publican

[puhb-li-kuh n]
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noun

Chiefly British. a person who owns or manages a tavern; the keeper of a pub.
Roman History. a person who collected public taxes.
any collector of taxes, tolls, tribute, or the like.

Nearby words

  1. public-interest law,
  2. public-liability insurance,
  3. public-opinion poll,
  4. public-service corporation,
  5. public-spirited,
  6. publication,
  7. publication date,
  8. publicise,
  9. publicist,
  10. publicity

Origin of publican

First recorded in 1150–1200; Middle English word from Latin word pūblicānus. See public, -an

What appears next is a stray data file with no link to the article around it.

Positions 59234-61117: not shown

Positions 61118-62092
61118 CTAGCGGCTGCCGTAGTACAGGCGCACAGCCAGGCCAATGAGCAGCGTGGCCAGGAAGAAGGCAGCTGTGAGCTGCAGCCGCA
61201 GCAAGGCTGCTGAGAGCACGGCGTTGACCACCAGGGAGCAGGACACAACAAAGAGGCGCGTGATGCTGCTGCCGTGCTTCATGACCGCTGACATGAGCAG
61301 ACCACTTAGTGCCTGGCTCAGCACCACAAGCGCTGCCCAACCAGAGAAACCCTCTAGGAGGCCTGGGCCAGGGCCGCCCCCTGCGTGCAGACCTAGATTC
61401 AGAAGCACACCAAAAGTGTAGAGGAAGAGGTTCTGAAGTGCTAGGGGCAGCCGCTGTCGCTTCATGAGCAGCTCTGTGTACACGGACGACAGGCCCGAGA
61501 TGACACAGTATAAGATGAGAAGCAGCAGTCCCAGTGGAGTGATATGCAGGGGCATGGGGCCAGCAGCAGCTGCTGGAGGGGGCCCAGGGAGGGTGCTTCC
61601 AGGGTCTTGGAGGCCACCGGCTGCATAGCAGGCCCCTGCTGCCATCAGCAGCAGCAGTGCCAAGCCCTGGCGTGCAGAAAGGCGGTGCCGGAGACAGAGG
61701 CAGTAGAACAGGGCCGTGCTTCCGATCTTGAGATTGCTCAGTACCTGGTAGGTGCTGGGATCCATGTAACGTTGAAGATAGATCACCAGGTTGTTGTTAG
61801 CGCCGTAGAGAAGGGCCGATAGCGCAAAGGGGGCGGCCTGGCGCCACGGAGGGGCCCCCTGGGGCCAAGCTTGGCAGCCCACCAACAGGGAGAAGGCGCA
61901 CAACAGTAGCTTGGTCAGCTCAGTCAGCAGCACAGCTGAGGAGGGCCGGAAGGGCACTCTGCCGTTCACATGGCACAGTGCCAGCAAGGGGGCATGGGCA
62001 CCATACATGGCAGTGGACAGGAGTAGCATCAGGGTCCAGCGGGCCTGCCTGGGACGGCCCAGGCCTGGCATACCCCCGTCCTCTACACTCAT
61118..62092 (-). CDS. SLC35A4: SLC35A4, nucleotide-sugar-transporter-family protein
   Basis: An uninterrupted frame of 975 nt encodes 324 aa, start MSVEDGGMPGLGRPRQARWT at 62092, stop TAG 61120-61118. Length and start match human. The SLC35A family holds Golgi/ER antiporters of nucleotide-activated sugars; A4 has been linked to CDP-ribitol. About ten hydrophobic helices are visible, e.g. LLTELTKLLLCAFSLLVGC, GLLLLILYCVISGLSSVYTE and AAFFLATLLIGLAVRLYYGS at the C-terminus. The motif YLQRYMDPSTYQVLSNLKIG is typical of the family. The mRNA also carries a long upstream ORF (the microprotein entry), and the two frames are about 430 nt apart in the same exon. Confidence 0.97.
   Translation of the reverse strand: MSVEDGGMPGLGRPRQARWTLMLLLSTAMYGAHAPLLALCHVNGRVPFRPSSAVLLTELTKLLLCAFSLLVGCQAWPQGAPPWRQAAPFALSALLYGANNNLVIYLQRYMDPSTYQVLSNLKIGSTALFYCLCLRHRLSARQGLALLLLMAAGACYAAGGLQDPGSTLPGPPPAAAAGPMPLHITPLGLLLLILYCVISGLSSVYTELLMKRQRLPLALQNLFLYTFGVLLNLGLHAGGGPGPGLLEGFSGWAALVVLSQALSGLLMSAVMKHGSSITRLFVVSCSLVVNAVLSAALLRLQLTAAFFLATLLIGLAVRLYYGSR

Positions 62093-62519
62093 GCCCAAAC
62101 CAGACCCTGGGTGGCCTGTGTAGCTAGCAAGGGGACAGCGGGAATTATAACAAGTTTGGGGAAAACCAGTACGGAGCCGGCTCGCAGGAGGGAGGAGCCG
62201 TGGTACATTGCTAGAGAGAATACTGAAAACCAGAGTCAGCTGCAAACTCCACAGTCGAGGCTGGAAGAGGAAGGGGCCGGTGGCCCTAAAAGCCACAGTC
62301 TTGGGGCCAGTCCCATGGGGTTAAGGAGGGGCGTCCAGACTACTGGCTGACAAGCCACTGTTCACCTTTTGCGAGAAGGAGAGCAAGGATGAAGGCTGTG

Dictionary.com Unabridged Based on the Random House Unabridged Dictionary, © Random House, Inc. 2019

Examples from the Web for publican


British Dictionary definitions for publican

publican

noun

(in Britain) a person who keeps a public house
(in ancient Rome) a public contractor, esp one who farmed the taxes of a province

Word Origin for publican

C12: from Old French publicain, from Latin pūblicānus tax gatherer, from pūblicum state revenues

Collins English Dictionary - Complete & Unabridged 2012 Digital Edition © William Collins Sons & Co. Ltd. 1979, 1986 © HarperCollins Publishers 1998, 2000, 2003, 2005, 2006, 2007, 2009, 2012

Word Origin and History for publican

publican

n.

c.1200, "tax-gatherer," from Old French publician (12c.), from Latin publicanus "a tax collector," noun use of an adjective, "pertaining to public revenue," from publicum "public revenue," noun use of neuter of publicus (see public (adj.)). Original sense in Matt. xviii:17, etc.; meaning "keeper of a pub" first recorded 1728, from public (house) + -an.

Online Etymology Dictionary, © 2010 Douglas Harper